And for many people today there is no other symbol or reality that even comes close to embodying the essential call to Christian unity the way the bishop of Rome does--his many shortcomings A shortcoming is a character flaw.
Shortcomings may also be:
WHAT THEN CAN Protestants expect from the new pope? Initially, many Protestant leaders--just as many Catholic liberals and progressives--have been skeptical and wary of where the former prefect prefect or praefect (both: prē`fĕkt), in ancient Rome, various military and civil officers. Under the empire some prefects were very important. The Praetorian prefects (first appointed 2 B.C. of the Congregation for the Doctrine of the Faith The Congregation for the Doctrine of the Faith (CDF) (Congregatio pro Doctrina Fidei), previously known as the Supreme Sacred Congregation of the Holy Office, is the oldest of the nine congregations of the Roman Curia. may be leading the world's largest church community. After all, in a document his congregation authored five years ago the then-enforcer of Catholic doctrinal correctness seemed to be denigrating den·i·grate
tr.v. den·i·grat·ed, den·i·grat·ing, den·i·grates
1. To attack the character or reputation of; speak ill of; defame.
2. Protestant denominations as "not churches in the proper sense."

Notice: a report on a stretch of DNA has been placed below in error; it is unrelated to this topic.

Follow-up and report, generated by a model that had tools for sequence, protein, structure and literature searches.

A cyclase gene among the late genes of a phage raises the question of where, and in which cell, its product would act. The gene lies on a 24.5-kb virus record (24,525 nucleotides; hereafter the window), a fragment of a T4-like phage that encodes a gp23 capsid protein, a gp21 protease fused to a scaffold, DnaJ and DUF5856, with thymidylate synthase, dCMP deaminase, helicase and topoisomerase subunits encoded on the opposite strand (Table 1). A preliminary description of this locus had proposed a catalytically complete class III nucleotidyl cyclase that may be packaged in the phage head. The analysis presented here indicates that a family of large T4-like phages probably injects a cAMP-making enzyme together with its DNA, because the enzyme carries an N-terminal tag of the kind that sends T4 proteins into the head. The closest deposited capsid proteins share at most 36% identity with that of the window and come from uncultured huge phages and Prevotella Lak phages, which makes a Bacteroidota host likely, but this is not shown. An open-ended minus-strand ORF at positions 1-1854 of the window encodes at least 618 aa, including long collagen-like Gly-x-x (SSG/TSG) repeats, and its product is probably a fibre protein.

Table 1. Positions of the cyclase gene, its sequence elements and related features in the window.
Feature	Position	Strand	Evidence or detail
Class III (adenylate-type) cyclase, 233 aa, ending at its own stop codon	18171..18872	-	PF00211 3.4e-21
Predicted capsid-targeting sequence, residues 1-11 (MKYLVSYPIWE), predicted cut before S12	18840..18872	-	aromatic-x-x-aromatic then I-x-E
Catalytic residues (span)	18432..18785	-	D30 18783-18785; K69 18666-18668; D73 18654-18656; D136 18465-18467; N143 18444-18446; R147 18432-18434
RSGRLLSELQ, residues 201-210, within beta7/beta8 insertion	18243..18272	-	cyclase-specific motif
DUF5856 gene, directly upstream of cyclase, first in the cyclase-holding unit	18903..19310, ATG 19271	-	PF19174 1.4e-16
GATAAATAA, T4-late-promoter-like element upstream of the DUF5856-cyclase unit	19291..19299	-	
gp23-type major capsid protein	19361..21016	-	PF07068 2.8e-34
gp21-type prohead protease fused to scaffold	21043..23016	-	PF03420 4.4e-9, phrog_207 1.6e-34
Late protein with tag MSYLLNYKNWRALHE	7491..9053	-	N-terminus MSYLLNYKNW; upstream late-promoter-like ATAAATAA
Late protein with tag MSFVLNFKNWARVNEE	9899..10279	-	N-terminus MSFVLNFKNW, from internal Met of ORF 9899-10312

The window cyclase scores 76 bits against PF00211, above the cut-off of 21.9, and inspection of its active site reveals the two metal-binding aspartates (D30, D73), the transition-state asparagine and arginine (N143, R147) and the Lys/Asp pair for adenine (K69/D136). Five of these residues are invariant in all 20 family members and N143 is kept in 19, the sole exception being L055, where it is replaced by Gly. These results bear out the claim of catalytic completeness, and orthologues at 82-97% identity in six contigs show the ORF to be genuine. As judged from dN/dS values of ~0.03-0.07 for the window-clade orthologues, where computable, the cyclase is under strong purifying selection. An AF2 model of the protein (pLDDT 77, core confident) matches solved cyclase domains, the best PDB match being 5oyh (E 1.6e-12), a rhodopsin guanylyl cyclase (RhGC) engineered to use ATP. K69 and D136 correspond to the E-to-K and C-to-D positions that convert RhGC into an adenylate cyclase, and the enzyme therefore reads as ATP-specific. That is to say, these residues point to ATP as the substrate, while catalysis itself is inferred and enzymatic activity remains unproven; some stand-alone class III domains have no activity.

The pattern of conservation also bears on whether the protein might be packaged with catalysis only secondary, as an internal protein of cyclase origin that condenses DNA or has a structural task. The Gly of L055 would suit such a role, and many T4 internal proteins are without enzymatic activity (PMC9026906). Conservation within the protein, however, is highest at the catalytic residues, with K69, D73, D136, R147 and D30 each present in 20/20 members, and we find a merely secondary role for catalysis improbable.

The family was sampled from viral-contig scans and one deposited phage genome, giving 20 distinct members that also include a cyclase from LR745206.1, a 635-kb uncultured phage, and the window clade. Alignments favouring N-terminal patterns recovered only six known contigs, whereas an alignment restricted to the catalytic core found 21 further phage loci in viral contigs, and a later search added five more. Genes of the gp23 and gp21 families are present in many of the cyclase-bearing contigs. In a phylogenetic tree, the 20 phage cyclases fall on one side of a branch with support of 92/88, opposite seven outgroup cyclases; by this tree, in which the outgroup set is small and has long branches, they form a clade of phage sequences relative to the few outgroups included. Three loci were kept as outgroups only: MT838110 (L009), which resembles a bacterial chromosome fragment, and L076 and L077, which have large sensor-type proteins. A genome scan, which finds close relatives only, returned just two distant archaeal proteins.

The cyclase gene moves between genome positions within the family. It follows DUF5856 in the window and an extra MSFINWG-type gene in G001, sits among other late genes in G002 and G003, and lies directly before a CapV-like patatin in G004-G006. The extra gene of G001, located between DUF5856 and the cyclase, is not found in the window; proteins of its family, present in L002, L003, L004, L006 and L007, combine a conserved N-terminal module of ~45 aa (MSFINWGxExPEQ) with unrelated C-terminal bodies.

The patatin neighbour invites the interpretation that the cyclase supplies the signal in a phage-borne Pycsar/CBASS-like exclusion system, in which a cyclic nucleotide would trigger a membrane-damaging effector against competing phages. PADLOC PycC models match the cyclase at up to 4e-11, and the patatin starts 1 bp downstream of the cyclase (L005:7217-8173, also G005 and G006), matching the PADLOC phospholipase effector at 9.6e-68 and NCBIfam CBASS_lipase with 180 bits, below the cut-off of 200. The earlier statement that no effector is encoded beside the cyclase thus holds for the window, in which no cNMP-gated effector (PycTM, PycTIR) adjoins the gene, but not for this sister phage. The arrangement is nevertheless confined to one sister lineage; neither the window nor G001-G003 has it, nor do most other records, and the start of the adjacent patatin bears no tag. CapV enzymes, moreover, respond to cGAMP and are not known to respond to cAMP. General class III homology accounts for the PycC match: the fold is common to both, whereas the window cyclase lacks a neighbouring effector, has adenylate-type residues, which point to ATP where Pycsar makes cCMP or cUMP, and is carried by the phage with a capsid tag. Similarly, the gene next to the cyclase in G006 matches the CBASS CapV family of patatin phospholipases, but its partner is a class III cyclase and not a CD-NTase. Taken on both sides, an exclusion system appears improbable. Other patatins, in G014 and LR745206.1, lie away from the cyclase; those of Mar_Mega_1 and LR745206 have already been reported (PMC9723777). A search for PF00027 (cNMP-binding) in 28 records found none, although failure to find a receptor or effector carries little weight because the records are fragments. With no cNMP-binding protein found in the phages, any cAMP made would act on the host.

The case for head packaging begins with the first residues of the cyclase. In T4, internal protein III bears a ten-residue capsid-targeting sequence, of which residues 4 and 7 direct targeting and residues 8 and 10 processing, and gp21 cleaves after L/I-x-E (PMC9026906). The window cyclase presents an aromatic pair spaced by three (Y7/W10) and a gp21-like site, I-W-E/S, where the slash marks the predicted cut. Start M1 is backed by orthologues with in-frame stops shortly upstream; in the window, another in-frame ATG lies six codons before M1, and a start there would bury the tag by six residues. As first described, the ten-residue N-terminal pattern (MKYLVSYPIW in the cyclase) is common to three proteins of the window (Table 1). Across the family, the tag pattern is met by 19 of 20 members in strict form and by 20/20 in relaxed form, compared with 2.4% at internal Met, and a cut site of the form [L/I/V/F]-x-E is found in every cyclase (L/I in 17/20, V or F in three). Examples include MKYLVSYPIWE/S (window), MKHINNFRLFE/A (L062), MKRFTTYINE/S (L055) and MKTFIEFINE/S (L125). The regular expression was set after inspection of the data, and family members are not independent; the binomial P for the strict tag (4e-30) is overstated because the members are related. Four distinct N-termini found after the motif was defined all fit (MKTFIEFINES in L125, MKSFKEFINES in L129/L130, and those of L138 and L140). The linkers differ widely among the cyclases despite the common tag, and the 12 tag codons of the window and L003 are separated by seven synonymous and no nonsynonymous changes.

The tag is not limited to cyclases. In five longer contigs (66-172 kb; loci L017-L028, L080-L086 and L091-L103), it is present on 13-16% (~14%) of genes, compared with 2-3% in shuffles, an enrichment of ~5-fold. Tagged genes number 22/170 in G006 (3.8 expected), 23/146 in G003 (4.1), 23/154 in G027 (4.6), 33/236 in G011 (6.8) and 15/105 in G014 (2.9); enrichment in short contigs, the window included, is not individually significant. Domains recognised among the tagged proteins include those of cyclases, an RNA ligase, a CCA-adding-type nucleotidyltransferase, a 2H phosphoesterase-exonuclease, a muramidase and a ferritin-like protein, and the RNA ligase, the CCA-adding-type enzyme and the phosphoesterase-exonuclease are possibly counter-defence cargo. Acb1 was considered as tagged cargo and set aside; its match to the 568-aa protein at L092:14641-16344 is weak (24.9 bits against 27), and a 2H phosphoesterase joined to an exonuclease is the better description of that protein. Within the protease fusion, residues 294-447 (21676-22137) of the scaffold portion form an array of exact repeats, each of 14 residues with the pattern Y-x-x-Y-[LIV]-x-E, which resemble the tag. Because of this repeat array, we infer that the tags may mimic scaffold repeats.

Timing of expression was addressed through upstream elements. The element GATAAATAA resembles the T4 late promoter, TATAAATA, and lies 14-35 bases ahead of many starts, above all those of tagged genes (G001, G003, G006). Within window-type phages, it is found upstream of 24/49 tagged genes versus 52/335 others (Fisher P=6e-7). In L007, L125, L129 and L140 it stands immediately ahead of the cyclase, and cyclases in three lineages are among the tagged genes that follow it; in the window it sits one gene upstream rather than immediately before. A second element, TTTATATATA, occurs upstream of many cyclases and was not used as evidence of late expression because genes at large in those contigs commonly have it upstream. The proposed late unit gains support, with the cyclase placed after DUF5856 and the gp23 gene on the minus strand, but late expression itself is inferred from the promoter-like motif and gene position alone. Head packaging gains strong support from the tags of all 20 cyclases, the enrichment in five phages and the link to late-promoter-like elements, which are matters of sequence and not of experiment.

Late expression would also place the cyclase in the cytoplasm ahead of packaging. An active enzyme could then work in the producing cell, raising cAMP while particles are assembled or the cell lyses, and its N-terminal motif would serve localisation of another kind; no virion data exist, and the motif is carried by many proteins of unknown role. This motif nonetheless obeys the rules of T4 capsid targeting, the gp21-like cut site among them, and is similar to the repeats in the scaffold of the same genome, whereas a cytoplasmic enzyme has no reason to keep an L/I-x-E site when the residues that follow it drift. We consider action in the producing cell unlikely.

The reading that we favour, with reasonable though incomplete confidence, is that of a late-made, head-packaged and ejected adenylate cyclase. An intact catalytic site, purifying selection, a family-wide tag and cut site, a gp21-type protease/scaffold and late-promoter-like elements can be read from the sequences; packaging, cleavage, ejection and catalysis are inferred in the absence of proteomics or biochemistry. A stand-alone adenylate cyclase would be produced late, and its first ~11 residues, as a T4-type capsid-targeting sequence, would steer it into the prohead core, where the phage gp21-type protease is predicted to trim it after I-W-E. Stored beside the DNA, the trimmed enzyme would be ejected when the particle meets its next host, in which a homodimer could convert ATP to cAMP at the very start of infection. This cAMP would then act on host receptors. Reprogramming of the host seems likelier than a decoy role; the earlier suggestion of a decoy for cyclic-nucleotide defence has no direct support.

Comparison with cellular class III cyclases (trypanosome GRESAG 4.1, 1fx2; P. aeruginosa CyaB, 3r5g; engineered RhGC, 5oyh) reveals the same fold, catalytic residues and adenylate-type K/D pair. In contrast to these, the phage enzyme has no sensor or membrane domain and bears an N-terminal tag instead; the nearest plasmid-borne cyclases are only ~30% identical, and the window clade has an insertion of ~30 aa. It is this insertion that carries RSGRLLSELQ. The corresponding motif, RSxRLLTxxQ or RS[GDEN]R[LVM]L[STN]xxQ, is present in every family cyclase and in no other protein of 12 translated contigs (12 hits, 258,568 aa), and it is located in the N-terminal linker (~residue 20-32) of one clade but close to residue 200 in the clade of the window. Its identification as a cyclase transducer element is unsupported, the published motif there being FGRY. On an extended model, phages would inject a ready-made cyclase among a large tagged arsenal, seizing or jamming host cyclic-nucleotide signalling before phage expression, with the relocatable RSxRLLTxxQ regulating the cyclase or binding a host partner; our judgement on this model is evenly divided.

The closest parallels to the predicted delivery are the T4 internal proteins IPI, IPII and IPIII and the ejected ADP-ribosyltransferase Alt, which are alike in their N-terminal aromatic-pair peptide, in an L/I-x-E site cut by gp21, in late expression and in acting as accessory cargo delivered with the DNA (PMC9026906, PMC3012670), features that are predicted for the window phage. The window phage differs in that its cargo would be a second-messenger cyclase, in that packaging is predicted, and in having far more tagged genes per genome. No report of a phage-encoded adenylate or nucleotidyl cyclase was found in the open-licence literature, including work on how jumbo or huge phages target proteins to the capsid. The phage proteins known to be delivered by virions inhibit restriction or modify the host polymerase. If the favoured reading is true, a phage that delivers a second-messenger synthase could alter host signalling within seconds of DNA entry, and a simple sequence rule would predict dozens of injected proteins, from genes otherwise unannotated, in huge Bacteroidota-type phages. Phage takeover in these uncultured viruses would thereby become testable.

Yet in the days immediately following his election, Pope Benedict XVI took special care to send conciliatory con·cil·i·ate
v. con·cil·i·at·ed, con·cil·i·at·ing, con·cil·i·ates
1. To overcome the distrust or animosity of; appease.
2. messages to non-Catholic churches assuring them that ecumenism will be a top priority in his papacy and showing an awareness of the responsibility his office holds for promoting Christian unity. A German theologian I interviewed for U.S. Catholic magazine thinks ecumenism might be one area where Benedict could surprise people by searching out new ways to move forward.
The election of Pope Benedict XVI seems to signal above all a vote for continuity with the agenda of his predecessor. Many Catholics have been hoping and working for significant church reforms such as the ordination of women In general religious use, ordination is the process by which one is consecrated (set apart for the undivided administration of various religious rites). The ordination of women and married priests; greater openness, accountability, and lay participation and decision-making in their church; a greater acknowledgment of pastoral realities and of the sense of the faithful in moral theological teachings; and more local or regional authority that would allow for greater diversity in unity. Given that Pope Benedict has been so clearly identified with the more conservative wing of the Catholic Church, those kinds of reforms will no doubt have to wait for another papacy.
But that should not stop Protestants from engaging the new pope and their Catholic brothers and sisters in working for further ecumenical progress and from continuing and intensifying our joint advocacy and ministry of peace and social justice on the global and local level.
Meinrad Scherer-Emunds is executive editor of U.S. Catholic magazine.